Pay or principles – why run as a student union representative?

 

With the student elections at QMUL fast approaching, adverts have begun appearing around campus encouraging people to run for a position as a student representative.

The situation faced by students today is a difficult one. We are paying £9,000 fees and racking up enormous debts, despite the graduate job market looking increasingly crowded and poorly paid. Many of us are living in poor quality housing managed by parasitic landlords whose contempt for students is clear. The cost of living in London is rising rapidly but our loans and bursaries are not keeping pace. Many of us have to take on jobs at the same time as studying which leaves us little time for our academic study. These jobs are often on zero-hours contracts and in poor working conditions.

For these reasons the position of student representative is extremely important. We need leaders of our student union who are willing to stand up to the University to demand decent teaching standards and facilities; and to stand up to landlords who rip students off with poor quality housing; and to stand up to those who employ students in unacceptable conditions. We need leaders who are motivated and determined, with clear ideas of how they’re going to defend students who are preparing to enter the real world in the midst of the deepest crisis of capitalism in history.

This is why the union’s advertising campaign for these elections is so scandalous: a full page advert in The Print encourages people to run for election on the basis that they will earn £24,500 if they win. Nothing about the importance of fighting in the interests of students or about the political role of the union is even hinted at.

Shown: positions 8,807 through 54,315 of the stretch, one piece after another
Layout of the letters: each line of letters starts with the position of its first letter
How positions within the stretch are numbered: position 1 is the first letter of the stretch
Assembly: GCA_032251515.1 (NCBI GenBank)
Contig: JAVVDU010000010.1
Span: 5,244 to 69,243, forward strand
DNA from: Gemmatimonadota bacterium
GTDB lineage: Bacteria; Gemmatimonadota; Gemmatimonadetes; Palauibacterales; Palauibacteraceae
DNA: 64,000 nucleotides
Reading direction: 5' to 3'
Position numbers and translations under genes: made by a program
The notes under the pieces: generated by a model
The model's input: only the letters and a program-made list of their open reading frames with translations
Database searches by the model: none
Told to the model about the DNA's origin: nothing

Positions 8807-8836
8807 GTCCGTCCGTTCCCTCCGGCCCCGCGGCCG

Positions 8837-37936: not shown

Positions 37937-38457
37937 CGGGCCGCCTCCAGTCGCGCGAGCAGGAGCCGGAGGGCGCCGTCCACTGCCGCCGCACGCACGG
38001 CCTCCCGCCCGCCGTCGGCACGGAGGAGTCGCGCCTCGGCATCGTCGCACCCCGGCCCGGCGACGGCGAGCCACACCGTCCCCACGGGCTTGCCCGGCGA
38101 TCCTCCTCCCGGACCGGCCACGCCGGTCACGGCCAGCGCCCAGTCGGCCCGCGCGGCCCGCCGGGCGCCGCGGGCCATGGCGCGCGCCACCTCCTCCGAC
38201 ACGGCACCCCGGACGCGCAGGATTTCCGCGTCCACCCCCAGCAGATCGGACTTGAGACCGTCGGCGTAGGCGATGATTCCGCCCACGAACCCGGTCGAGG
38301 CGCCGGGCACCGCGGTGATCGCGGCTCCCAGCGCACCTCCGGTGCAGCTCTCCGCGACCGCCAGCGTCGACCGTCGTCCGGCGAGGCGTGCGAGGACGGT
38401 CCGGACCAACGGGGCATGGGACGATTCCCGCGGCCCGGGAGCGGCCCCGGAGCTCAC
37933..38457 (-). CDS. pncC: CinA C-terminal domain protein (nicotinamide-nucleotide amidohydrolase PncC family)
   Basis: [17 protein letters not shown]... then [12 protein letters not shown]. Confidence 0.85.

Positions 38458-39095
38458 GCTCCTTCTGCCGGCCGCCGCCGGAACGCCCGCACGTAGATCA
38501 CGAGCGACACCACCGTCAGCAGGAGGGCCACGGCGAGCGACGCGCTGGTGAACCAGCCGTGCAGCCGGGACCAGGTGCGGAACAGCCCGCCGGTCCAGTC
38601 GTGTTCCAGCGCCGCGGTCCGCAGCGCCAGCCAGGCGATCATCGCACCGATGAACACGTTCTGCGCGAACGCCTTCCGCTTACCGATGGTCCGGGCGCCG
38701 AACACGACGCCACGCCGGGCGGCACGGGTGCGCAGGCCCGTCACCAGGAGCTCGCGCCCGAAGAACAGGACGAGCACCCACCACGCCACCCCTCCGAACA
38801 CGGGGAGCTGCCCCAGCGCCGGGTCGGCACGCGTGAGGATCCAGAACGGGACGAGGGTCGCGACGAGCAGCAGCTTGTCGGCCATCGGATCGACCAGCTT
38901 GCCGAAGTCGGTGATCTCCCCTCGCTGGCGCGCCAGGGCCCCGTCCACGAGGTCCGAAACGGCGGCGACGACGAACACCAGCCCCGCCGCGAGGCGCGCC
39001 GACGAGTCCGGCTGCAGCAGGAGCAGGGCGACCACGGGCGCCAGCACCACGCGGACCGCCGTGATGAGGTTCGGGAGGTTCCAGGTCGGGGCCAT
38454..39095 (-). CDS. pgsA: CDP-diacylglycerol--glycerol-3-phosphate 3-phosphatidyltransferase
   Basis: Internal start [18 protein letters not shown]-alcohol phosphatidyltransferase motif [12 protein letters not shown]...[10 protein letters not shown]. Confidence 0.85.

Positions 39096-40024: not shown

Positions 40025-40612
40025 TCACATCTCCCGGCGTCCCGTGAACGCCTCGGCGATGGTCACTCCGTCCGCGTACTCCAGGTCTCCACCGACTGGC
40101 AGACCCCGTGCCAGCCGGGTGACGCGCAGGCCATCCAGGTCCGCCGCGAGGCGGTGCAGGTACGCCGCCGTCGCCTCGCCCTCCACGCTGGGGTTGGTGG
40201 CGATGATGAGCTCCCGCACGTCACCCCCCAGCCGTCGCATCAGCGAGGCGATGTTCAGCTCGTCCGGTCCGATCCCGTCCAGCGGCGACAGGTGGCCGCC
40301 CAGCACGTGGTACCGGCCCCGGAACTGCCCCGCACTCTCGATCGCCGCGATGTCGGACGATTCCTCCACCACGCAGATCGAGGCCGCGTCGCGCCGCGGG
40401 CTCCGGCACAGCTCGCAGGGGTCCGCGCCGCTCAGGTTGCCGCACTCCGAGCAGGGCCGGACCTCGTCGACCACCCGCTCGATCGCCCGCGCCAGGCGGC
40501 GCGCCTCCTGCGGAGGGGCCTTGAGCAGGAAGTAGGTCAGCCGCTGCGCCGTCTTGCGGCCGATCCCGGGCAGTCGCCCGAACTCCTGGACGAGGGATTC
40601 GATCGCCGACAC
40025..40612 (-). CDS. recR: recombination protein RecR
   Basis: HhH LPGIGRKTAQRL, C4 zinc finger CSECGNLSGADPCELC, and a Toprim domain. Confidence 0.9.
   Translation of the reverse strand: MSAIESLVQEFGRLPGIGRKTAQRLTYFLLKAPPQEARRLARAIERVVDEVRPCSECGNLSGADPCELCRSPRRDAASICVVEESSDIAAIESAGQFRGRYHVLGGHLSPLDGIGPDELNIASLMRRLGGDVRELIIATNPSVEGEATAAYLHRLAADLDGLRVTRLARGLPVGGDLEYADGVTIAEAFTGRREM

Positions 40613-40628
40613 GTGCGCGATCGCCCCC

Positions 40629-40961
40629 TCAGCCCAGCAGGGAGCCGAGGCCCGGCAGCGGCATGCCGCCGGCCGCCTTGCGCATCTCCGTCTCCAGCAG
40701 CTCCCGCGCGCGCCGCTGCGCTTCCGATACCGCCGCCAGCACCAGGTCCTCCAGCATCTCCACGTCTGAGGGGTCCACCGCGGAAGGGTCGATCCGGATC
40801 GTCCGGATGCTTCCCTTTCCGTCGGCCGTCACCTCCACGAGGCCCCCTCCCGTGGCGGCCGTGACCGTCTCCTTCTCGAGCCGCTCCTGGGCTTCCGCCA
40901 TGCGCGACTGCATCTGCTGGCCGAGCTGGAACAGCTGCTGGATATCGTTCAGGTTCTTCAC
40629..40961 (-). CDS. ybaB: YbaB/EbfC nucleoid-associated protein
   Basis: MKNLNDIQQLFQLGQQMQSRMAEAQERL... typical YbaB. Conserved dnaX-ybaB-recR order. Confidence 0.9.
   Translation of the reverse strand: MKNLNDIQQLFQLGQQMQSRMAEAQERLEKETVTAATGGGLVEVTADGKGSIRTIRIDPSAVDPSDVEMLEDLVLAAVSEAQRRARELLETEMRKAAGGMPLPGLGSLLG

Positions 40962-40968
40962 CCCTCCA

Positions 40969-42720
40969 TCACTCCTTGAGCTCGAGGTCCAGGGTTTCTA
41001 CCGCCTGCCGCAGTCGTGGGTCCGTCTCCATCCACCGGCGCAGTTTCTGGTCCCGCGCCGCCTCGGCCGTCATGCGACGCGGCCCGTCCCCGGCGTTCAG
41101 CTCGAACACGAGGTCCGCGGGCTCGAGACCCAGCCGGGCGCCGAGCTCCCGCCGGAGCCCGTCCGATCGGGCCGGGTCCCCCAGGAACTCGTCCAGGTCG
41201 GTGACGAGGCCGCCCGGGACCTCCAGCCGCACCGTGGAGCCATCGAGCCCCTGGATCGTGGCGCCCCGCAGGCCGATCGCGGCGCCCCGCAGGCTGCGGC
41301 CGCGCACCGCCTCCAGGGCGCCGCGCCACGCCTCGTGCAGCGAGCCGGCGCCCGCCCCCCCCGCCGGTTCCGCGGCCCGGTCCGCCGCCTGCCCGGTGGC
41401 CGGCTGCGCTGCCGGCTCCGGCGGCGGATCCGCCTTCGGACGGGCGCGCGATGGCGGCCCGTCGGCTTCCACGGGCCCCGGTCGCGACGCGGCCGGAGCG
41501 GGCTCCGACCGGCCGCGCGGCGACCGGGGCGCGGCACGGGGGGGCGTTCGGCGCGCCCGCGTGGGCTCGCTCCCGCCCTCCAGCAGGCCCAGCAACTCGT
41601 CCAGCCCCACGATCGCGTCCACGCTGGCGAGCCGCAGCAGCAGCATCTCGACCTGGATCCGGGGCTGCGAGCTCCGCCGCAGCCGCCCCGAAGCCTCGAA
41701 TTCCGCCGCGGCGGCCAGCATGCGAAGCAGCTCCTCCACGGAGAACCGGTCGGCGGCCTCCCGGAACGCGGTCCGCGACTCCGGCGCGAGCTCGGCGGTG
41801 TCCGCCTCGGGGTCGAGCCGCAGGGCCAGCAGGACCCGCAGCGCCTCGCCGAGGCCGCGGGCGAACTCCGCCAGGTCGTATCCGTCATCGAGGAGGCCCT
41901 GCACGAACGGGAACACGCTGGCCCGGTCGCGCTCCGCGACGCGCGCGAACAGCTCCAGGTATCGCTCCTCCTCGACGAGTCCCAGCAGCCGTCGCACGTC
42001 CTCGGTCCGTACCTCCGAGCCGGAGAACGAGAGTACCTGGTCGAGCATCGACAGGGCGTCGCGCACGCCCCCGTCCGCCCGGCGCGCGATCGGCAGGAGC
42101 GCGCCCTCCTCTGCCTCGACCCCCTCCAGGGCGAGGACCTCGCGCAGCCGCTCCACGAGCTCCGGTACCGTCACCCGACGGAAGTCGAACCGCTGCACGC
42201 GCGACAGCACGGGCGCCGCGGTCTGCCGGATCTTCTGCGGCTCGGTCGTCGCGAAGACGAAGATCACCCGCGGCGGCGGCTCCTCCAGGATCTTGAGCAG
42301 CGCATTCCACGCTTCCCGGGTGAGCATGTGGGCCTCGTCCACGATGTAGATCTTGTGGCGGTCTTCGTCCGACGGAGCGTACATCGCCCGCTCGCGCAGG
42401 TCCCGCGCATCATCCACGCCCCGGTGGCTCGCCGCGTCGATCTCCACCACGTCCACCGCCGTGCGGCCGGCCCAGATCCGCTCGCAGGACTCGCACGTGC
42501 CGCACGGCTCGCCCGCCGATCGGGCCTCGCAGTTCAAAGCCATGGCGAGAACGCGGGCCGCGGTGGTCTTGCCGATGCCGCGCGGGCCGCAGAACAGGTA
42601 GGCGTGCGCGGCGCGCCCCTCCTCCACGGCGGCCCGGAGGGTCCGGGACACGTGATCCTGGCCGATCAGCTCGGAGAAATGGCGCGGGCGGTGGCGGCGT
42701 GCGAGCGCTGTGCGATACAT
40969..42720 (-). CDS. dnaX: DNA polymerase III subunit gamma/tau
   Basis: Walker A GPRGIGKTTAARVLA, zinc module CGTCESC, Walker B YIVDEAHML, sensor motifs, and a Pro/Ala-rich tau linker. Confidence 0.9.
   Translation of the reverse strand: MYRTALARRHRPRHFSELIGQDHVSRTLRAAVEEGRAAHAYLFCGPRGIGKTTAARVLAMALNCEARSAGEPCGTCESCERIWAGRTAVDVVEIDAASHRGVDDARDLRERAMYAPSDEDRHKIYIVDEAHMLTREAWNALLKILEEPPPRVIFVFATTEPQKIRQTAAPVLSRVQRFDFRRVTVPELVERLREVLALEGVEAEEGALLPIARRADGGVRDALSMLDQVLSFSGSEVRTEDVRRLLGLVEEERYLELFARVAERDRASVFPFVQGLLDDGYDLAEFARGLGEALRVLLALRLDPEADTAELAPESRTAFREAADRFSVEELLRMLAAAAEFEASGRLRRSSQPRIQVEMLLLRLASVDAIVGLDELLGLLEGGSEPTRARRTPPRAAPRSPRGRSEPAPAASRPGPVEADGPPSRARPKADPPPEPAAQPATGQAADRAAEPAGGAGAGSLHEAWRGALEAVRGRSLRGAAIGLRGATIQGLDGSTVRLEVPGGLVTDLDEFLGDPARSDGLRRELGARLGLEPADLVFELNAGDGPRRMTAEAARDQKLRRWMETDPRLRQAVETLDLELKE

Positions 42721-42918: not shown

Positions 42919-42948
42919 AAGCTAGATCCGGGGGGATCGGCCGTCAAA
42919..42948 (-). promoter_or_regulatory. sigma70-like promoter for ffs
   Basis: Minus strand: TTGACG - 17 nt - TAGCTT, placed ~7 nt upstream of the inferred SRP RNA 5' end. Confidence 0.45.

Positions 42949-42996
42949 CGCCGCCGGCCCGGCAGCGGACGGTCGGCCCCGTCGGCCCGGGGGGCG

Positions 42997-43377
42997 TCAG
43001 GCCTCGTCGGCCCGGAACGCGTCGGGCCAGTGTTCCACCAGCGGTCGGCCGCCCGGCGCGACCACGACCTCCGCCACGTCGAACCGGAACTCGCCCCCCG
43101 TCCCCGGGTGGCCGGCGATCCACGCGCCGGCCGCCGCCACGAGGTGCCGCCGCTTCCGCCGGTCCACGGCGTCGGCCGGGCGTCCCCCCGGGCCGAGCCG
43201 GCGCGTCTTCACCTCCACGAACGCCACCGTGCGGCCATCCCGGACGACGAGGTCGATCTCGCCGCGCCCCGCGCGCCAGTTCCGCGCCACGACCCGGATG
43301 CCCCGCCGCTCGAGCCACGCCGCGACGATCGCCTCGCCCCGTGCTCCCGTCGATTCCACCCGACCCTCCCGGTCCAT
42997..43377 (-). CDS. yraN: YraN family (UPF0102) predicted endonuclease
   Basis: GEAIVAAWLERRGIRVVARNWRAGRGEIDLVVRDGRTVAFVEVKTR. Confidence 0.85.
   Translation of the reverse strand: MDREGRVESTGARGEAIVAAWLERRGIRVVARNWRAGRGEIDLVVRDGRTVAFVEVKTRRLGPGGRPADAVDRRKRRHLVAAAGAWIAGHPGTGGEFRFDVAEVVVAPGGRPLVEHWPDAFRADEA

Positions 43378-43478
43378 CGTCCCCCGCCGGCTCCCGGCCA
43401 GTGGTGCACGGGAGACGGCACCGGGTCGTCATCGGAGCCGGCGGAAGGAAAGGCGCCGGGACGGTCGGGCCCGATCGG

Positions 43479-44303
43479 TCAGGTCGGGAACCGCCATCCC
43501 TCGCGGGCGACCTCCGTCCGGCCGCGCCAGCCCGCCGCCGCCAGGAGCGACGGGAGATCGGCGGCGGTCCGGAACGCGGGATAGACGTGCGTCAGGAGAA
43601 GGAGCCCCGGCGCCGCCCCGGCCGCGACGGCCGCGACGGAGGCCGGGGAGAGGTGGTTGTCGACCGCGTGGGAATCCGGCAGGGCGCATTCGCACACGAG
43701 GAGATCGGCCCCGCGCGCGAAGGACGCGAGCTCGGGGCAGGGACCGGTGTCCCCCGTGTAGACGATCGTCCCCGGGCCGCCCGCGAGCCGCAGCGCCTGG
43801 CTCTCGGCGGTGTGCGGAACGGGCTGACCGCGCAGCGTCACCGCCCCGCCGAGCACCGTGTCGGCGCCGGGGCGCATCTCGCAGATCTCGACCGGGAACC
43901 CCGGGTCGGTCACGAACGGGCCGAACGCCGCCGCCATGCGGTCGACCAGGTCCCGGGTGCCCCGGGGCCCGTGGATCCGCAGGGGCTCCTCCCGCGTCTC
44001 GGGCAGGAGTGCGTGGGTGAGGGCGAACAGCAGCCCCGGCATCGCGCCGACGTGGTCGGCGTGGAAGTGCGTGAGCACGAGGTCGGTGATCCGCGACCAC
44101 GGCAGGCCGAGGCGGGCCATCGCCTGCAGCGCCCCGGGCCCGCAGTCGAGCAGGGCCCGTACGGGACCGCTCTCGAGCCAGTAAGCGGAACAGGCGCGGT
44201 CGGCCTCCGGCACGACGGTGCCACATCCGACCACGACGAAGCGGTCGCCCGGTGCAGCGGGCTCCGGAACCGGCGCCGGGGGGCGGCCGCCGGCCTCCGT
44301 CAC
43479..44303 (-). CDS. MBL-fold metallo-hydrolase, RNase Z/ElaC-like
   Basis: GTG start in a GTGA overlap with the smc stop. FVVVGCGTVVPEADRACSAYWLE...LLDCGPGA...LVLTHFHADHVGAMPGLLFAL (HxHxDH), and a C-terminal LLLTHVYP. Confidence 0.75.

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By encouraging people to run for leadership of the student union on the basis of how much they’ll earn if they win, you are guaranteed to attract only budding careerist politicians and mediocre bureaucrats. If the salary is the most important part of the job of student union leader, you can be sure that it will be those most devoid of any principles or real ideas who will fight hardest to win. How can we rely on someone, whose focus is keeping their fairly large salary, to stand up for us in the face of powerful forces like the university, landlords and employers?

Would you rather have a SU president whose motivation to do the job is to fight in the interests of students, or would you rather have one whose main interest is in adding a line to their CV and £24,500 to their bank account?

The role of any student representative in an SU is a serious political one. It seems that the leaders of the union at present, those who have initiated this appalling advertising campaign, have forgotten that, or perhaps never knew it in the first place. It is up to those of us at Queen Mary who are serious about fighting for students, on all the fronts we have to face, to get stuck in to politics on campus and beyond. This is the role of the Marxist Society on campus and the Marxist Student Federation nationally – because it’s socialist principles that can guide our fight for a better standard of living, studying and working.

by Queen Mary Marxist Society